A new article in Supportive Care in Cancer by Oncofertility researchers, Susan T. Vadaparampil, Juliette Christie, Gwendolyn P. Quinn, Patrice Fleming, Caitlin Stowe, Bethanne Bower and Tuya Pal, entitled,  “A pilot study to examine patient awareness and provider discussion of the impact of cancer treatment on fertility in a registry-based sample of African American women with breast cancer,” examines patient/provider communication in the African American breast cancer population.  The authors studied AA women under the age of 50, diagnosed with invasive breast cancer between 2005 and 2006 in an effort to better understand the fertility communication and awareness barriers that may be in place for AA women being treated for breast cancer.

Similar to other studies, the authors found that a substantial proportion of young AA breast cancer patients were unaware of the impact breast cancer treatment would have on their fertility.  One half of young AA women diagnosed with breast cancer reported no discussion with their providers of fertility risks associated with their treatment.  The exception -women who were younger, had no children or few children, and had not undergone tubal ligation were more often aware of the fertility risks posed by their treatment.

The results of this study suggest that better communication and awareness about fertility is critical in order for AA patients to make informed decisions about their treatment.  In line with prior research, definite plans for childbearing, relationship status or sexual orientation should not play a role in whether or not someone is informed about their fertility risks. To learn more about this study or to read, “A pilot study to examine patient awareness and provider discussion of the impact of cancer treatment on fertility in a registry-based sample of African American women with breast cancer,” please click here.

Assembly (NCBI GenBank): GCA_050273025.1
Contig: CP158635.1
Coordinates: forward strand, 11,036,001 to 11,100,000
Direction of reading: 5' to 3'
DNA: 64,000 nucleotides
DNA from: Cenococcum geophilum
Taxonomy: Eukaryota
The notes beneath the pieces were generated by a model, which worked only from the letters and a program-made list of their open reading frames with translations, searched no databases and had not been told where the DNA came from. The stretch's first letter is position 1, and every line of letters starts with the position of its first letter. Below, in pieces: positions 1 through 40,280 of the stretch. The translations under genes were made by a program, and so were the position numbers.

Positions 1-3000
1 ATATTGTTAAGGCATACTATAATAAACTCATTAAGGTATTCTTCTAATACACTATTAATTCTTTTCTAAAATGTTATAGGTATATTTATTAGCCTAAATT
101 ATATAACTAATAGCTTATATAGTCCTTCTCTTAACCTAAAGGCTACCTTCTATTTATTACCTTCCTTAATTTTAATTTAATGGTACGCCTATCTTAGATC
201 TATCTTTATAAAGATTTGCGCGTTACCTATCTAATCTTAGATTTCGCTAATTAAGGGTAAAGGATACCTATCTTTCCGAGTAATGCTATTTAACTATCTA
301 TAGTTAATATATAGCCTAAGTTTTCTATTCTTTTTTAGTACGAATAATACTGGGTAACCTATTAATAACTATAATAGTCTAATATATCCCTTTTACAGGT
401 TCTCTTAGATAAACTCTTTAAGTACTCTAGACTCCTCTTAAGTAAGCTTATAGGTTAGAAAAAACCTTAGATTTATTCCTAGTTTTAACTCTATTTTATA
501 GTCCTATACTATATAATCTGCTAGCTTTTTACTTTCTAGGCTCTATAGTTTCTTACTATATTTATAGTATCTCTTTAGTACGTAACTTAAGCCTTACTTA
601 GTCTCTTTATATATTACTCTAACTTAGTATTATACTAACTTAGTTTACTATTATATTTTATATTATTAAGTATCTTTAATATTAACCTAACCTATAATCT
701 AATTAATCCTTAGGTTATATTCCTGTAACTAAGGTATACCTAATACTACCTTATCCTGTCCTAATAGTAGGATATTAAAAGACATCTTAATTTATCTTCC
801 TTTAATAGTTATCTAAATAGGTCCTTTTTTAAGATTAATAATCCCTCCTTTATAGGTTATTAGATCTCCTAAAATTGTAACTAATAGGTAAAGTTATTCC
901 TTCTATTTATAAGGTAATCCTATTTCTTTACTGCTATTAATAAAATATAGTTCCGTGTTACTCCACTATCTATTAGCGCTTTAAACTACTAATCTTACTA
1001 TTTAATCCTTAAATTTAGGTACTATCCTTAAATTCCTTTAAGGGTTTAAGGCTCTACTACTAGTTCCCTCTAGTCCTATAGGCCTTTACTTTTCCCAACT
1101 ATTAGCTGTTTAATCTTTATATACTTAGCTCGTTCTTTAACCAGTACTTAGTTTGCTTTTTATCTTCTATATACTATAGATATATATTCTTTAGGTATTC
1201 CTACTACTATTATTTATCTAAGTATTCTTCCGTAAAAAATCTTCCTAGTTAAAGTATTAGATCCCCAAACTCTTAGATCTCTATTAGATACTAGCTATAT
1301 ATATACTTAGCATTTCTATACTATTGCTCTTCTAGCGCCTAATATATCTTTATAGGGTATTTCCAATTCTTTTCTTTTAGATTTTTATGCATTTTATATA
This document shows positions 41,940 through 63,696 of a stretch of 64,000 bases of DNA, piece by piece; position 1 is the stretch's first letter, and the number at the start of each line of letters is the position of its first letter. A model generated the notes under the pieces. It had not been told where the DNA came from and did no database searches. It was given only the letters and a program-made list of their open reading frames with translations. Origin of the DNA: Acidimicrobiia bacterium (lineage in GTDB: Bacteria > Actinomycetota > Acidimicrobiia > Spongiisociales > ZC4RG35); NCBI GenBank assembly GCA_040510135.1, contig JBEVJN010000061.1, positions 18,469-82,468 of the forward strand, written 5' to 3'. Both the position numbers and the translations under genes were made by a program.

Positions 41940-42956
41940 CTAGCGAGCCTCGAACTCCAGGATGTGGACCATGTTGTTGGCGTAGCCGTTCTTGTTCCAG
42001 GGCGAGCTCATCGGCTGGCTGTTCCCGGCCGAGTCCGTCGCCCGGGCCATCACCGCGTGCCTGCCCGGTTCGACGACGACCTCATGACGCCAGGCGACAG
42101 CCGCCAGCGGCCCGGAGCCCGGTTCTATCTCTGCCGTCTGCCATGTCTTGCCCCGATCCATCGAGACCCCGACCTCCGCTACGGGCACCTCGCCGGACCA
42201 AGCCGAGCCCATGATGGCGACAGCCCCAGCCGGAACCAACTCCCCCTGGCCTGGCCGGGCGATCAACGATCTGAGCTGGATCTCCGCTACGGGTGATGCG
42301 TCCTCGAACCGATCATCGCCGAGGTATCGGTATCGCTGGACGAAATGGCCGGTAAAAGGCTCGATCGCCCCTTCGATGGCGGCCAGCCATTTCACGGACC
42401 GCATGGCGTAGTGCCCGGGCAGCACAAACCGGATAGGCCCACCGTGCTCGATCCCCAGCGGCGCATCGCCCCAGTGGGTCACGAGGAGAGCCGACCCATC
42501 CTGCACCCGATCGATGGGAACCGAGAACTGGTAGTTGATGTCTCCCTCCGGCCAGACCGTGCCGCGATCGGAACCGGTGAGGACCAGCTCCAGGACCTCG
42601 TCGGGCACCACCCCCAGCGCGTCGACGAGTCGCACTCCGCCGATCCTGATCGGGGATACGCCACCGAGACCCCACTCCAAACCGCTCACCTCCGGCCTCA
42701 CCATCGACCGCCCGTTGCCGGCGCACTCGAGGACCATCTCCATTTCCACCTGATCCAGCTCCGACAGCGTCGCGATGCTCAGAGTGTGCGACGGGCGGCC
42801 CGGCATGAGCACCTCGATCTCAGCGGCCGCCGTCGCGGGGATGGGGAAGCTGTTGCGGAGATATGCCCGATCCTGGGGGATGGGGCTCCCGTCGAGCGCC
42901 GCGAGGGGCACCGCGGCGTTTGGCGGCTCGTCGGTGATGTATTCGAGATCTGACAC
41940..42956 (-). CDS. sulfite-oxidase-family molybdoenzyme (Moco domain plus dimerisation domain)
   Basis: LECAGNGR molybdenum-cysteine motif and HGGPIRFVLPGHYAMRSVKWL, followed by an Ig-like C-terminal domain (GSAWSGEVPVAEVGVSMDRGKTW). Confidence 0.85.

Get EmPOWERed: Life After Cancer for Adolescent & Young Adult Survivors

What does empowerment mean to you? Does it mean giving someone the authority or power to do something… because that’s what you’ll find if you look it up?  The word is not a new one – it originated around the 17th century and the meaning has remained largely the same. People have a need for a word that makes them feel that they are or are about to become more in control of their destinies, and this is especially true when faced with a cancer diagnosis at a young age. On Saturday, April 14th from 10:00AM-4:00PM, the Robert H. Lurie Comprehensive Cancer Center will be hosting an event entitled, Get EmPOWERed: Life After Cancer for Adolescent & Young Adult Survivors.

At this inaugural event, young adult and adolescent cancer survivors will learn strategies and information to help them embrace life after treatment with confidence. Get EmPOWERed is an opportunity for everyone under the age of 40 who has been treated for cancer, including childhood cancer survivors who are currently 13 years of age or older, to share experiences and receive support. Family members, friends and caregivers are encouraged to attend as well!

Get EmPOWERed will cover a lot of ground so there is something for everyone.  Topics that will be explored include: talking about cancer with important people in your life; coordinating follow-up medical care; managing stress and other cancer-related emotions; making good choices about exercise and nutrition; addressing insurance, financial, legal and other practical concerns; exploring options for building a family after cancer with fertility preservation patient navigator, Kristin Smith; managing pain and other effects of cancer; and helping caregivers to care for themselves.